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Xiaomi India names Qualcomm as destination for allegedly illegal payments

PLUS: Toshiba considers offers, clams up; India's HFCL claims Wi-Fi 7 first; Vietnam may censor SocMed; and more

Asia In Brief Chinese smartphone maker Xiaomi’s Indian subsidiary has expressed disappointment with a decision by nation’s government to freeze $683 million of its assets, claiming the disputed funds were payments to US chip giant Qualcomm.

The cash was seized in May, when Indian authorities opened an investigation into alleged illegal remittances by Xiaomi to three foreign entities on grounds that the Chinese gadget-maker had received no services for the payments, and they were therefore suspect.

Xiaomi appealed the decision, but India’s money laundering prevention agency, the Enforcement Directorate, has rejected that appeal. “The Xiaomi India has not availed any service from the three foreign based entities to whom such amounts have been transferred,” states the Directorate’s announcement [PDF] of its decision.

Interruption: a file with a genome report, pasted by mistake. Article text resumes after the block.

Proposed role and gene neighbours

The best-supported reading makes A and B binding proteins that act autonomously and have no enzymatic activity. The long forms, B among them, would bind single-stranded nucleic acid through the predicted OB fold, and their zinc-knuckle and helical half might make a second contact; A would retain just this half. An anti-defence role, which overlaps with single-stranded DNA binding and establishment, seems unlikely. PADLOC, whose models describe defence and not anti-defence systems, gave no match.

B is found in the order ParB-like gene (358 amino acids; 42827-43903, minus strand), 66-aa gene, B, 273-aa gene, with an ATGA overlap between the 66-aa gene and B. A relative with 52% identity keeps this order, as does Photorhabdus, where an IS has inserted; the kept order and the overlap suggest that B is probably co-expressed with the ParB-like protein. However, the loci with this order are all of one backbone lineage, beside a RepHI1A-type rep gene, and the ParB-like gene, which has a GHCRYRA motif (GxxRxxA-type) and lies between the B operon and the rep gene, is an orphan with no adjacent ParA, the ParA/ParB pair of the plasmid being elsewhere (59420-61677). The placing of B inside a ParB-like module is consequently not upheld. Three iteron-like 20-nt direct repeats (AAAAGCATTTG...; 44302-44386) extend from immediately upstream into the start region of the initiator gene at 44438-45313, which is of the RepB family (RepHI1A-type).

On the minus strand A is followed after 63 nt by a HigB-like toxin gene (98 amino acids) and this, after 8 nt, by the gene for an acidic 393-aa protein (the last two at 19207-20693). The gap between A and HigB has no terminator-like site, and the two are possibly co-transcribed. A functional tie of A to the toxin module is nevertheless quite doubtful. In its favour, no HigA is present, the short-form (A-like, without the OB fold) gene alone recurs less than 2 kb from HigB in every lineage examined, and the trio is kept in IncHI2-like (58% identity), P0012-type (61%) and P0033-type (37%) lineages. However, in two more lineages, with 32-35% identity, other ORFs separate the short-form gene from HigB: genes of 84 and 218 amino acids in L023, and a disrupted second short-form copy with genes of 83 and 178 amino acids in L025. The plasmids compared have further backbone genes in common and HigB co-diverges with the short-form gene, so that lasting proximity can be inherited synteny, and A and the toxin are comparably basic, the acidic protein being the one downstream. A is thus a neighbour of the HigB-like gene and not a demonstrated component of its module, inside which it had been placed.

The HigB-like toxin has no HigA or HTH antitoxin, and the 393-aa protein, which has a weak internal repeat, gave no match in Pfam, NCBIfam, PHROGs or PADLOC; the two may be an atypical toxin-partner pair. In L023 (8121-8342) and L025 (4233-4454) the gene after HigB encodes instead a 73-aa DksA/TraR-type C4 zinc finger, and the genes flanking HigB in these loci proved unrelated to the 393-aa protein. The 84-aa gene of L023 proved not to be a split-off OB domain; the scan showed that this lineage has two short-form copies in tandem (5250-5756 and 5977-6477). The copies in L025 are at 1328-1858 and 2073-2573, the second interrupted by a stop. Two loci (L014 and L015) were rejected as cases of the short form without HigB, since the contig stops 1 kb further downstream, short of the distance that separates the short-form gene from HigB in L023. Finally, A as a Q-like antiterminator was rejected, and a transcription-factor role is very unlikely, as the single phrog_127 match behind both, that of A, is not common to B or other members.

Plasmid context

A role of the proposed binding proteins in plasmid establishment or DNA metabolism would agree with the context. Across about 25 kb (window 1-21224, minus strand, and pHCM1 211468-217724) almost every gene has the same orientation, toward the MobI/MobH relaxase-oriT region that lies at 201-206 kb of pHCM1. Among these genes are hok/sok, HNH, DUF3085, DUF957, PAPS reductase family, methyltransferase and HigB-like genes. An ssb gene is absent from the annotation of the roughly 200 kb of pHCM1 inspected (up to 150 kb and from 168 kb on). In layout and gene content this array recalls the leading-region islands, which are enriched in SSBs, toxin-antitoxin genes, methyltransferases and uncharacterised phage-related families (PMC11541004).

Xiaomi fired back with a statement that asserts that more than 84 percent of the $683 million were royalty payments to Qualcomm for in-licensed technologies used in its smartphones.

“Without these technologies, phones would not have worked in India,” said Xiaomi India.

“Moreover, we would like to clarify that Xiaomi Technology India Private Limited does not own or hold any assets outside India,” added the smartphone maker.

Xiaomi warned in its April-June 2022 earning reported that India’s probe into its affairs could materially impact its business.

India has not been shy about wanting low-end Chinese smartphones out of its market as it continues to strive for tech self-sufficiency through subsidies and industry development programs that have set a goal of increasing local electronic production by 400 percent by 2026.

Japan ponders customer registration on crypto exchanges

Japan is set to revise its Act on Prevention of Transfer of Criminal Proceeds to require customer registration for transactions conducted on crypto exchanges, as it cracks down on money laundering and seeks to better monitor digital currencies.

A draft amendment to the law is scheduled for submission this week and will take effect in May 2023, according to Nikkei Asia.

India’s HFCL claims world’s first Wi-Fi 7 AP